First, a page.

I've dove three quarters of the way around the world and back...and for every fully prepared/professional operator...there are ten that are so bare bones...if your not fully prepared for things like ''bad'' valve ''O'' rings...your going to be in trouble before you ever get started...

    And...as far as letting a dive boat crew member ''tinker'' with any of ''my gear''...never happen...not to take anything away from good help...just my OCD...

    You need to do your own prior planning...be familiar with everything you have...do all your pre-checks/servicing prior to gearing up on the boat...and have with you what you may need as far as spares/save your dive bits and pieces...there's no substitute for being properly prepared...

    A thirty year old/fully functional Conshelf first stage...will do you more good than will a brand new $2000. titanium DIN first stage with a missing ''O'' ring that can't be immediately replaced...

    You can store a lot of ''self help'' components in a spare mask box...tools included...

    Where are all you former Boy Scouts...Be Prepared...


  8. GameChanger

    GameChanger Professional Photographer

    # of Dives: 500 - 999
    Location: Frisco, TX USA
    Not sure where you are going with this Christi...Of course I turn my tank on before hitting the water. I do not necessarily agree that you will hear a a bad o-ring hissing, especially on a noisy boat. As a matter of fact, after I noticed the leaking o-ring on my dive, and also subsequent dives where other divers had leaking o-rings, I made a concerted effort to do a visual inspection of the o-rings and I also listened to my yoke connection as well as the connection on my son's tank. I watched the SPG and listened, literally placing my ear on the yoke. I heard nothing unusual and I did not note any drop in tank pressure. When my son hit the water I noticed that his o-ring was indeed leaking.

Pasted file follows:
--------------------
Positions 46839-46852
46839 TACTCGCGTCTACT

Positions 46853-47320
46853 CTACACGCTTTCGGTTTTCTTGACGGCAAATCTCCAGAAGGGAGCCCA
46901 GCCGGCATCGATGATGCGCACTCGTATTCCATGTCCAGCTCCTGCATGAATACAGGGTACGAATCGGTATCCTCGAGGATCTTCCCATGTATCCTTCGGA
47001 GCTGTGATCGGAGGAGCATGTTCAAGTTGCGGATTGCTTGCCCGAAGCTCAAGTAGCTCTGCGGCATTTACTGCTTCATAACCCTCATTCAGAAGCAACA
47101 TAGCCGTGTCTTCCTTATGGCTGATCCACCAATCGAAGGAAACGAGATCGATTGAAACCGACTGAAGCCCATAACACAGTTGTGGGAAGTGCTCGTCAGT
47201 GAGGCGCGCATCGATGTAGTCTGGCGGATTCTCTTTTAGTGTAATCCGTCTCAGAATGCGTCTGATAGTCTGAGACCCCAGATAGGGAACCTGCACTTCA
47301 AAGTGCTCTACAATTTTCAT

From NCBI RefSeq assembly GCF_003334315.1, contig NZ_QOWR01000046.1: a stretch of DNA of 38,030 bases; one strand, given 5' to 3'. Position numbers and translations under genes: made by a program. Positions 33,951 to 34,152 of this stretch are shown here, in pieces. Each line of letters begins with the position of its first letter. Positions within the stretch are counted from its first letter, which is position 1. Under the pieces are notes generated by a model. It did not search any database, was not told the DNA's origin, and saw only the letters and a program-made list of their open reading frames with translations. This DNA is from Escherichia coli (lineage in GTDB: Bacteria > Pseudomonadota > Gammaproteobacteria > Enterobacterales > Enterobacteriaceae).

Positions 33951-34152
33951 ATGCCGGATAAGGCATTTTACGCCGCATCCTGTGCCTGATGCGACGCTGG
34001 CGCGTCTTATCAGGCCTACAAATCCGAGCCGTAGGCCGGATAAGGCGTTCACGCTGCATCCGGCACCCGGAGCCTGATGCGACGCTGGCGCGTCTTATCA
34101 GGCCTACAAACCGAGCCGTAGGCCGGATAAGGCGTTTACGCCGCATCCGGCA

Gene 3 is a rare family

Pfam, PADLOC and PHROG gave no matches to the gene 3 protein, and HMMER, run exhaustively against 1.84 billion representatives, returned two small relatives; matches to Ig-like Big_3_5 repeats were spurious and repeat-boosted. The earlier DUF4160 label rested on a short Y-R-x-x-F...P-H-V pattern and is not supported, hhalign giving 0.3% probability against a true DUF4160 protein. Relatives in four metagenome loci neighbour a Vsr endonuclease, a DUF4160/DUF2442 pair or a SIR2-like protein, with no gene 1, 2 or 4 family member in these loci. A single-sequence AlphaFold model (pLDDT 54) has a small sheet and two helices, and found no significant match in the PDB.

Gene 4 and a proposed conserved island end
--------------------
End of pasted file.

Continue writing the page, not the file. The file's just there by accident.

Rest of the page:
I also noted that even after notifying the Op's about the leaking o-rings after the dives, I did not see anyone take any action such as replacing the o-ring (like you stated) or tag the tank to replace it at a later time. I'm not saying it wasn't replaced, I just did not see anyone do anything. Perhaps this is why I noticed the frequency of o-rings leaking?

    My original post asked the question if the dive Ops have QC controls in place. It seems like your Op does and I commend you for that.
    Christi and W W Meixner like this.
  9. ReefHound

    ReefHound PADI Pro

    # of Dives: 1,000 - 2,499
    Location: Houston, TX
    I agree it can be hard to hear a very small leak with ambient noise but those are the very small soda-pop-fizz bubbles I'm not worried about.

    Eek! If the o-ring does extrude and pop, say goodbye to your eardrums.

    I don't jump off the boat if I hear hissing but if it's so small you can't detect it on the surface then I'm not worried about it for recreational diving.
    Christi likes this.
  10. blake7

    blake7 DIR Practitioner

    IMHO, by far the easiest way to check if there is any leak problem prior to splashing is to:
    1. assemble all the gear
    2. open the valve to pressurize the system fully
    3. close the valve, note the SPG reading
    4. keep an eye or stand near your gear to make sure no one purges or otherwise disturbs it
    5. wait 2-5 min
    6. check your SPG again
    If you are within 100 psi of the reading in step 3, you are not having a leak that will create a problem. This also has the side benefit of checking if any of your equipment has developed a problem as well.
    Christi, dflaher and ReefHound like this.